Seed Catalogs

Marlene Spinoza
Adams Count Master Gardener

(3/2016) As a gardener for many years, I must confess to having little understanding of seed catalogs until recently. Generally, I would be enticed by the new exotic varieties or the sale options. This is some knowledge I feel I can pass along.

If youíve never received a seed catalog, you can go online to find lists of many kinds and select the ones you would like to view or receive a paper catalog from, most are free. Select companies in your geographic area, their selections will grow best in your garden. Think about making your first order small. Seeds come in packet sizes of grams, ounces and seed counts. You will notice the most expensive seeds come in counted packets. Are they worth it? If like me you have a problem with a certain vegetable prone to diseases and low yields some of these specialty seeds may be right for you.

Be aware of descriptive terms in catalogs like "heirlooms taste best" some rare seeds are rare because they werenít so good. "Needs room to grow" do you have the space needed, "early maturing" some of these may not do well in cold, wet soil. Look for AAAWinners, all American varieties selected and rated by a nonprofit group for their performance. Terms like adaptable, easy to grow, vigorous germination, high yielding, easy to hand harvest and bolt resistance are indicators of good characteristics.

There are basically two types of seeds Open Pollinated (OP) or Species: This is a variety that will come true to seed. If you would like to save the seed for next year, this is the one to look for.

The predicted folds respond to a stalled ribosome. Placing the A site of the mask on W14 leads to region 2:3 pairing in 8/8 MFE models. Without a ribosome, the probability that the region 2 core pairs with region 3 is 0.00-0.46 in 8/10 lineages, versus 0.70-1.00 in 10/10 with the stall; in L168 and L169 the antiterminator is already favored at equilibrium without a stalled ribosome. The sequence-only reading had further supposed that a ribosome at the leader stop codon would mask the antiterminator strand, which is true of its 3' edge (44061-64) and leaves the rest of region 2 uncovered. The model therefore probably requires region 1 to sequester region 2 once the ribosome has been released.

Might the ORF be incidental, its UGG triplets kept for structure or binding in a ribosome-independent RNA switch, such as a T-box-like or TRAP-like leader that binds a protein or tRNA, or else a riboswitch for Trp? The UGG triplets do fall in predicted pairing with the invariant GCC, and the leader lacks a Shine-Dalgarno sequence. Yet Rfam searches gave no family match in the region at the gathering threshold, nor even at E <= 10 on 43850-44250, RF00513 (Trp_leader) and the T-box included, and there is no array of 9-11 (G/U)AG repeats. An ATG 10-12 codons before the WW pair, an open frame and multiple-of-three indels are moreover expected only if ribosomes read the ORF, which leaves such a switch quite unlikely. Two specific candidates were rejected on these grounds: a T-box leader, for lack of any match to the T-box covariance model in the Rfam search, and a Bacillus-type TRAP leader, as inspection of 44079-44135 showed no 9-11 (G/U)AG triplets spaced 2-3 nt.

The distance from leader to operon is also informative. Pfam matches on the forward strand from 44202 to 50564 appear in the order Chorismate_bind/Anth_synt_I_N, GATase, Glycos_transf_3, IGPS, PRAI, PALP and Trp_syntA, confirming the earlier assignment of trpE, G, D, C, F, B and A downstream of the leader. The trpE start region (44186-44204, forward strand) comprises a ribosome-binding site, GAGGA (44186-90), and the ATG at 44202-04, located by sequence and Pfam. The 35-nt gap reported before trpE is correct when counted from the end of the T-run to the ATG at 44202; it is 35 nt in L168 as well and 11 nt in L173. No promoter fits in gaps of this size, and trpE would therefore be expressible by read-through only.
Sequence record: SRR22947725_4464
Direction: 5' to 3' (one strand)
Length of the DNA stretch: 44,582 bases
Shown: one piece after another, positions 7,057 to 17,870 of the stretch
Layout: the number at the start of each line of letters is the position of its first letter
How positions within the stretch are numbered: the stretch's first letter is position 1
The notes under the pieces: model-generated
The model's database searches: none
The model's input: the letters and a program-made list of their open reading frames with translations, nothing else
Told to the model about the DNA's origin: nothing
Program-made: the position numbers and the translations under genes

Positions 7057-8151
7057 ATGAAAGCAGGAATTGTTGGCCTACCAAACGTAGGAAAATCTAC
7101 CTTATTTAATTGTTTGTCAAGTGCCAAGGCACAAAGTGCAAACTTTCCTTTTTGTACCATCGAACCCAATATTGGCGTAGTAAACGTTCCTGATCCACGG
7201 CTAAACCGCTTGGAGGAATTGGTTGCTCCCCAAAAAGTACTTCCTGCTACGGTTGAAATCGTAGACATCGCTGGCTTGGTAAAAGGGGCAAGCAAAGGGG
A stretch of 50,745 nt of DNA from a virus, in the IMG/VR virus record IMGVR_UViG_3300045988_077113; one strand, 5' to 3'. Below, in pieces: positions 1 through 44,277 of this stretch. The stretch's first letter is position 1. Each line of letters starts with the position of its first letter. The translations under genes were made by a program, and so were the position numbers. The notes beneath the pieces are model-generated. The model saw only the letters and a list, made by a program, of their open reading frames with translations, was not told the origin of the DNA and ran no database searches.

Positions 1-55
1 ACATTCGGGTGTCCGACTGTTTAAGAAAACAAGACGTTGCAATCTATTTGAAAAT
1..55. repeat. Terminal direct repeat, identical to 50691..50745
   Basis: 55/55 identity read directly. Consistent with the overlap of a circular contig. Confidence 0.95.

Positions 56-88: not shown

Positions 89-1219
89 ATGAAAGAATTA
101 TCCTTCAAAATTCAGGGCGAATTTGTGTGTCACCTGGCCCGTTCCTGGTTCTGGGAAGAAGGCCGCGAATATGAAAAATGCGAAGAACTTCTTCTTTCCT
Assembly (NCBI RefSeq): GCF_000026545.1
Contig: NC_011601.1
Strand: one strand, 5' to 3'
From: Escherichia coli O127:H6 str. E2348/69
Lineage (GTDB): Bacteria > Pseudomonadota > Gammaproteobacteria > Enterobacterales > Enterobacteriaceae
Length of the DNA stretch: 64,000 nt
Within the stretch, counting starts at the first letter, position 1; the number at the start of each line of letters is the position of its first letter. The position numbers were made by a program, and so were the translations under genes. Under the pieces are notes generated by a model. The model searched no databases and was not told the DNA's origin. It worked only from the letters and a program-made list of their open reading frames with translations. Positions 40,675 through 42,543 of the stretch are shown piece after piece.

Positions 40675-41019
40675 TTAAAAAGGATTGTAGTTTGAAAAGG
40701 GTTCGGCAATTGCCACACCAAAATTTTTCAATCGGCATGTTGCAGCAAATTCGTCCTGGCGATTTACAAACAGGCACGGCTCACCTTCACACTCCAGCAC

Hybrid, F1 Hybrid or X in the name: This is cross of two pure-bred parents. The seeds will not come true the second year. All hybrid seeds are F1, first generation. There are F2 second generation hybrids; they can only be propagated vegatatively.

OG organic seeds are certified organic subject to the standards of the USDA established in 2002. They must be grown by certified organic farmers, untreated or only treated with substances like microbial products which are on the National List of products allowed for organic production. Organic farms are often small and often more diversified than their commercial counterparts, therefore they produce seed subject to overcoming more challenges and are often more dependable.

Disease Resistance- Generally a catalog will have a letter code to identify diseases and list this code under the description of the seed, such as VFN for tomatoes; this means the seed is resistant to verticillium and fusarium wilts and nematodes. Look for a catalog that explains their abbreviations.

Growers Catalogs- These catalogs offer comparisons of seed viability, yields, days to harvest, flavor and ease of handling. Good things to know.

If you plan on planting peas or beans select a bush type and a climbing variety. The bush type provides an early harvest and the climber keeps producing. Be careful not to overplant pole beans as they are often very productive and require frequent picking.

Itís best to make a list of what you will need. If you take a look around your garden and think about the varieties that did well, your plant rotation and your layout, you can decide if there is room for any new varieties. If youíve never kept a garden journal this may be a good time to start one.

The presentation of plants in catalogs ranges from artistic, botanical, masterpieces to state of the art photography, plants are grown using the most enriched, expensive materials and the most ideal conditions, unlike most of our gardens. Keep this in mind.

Consider how much time you can give to your garden. Gardening should be an enjoyable experience, not a dreaded chore.

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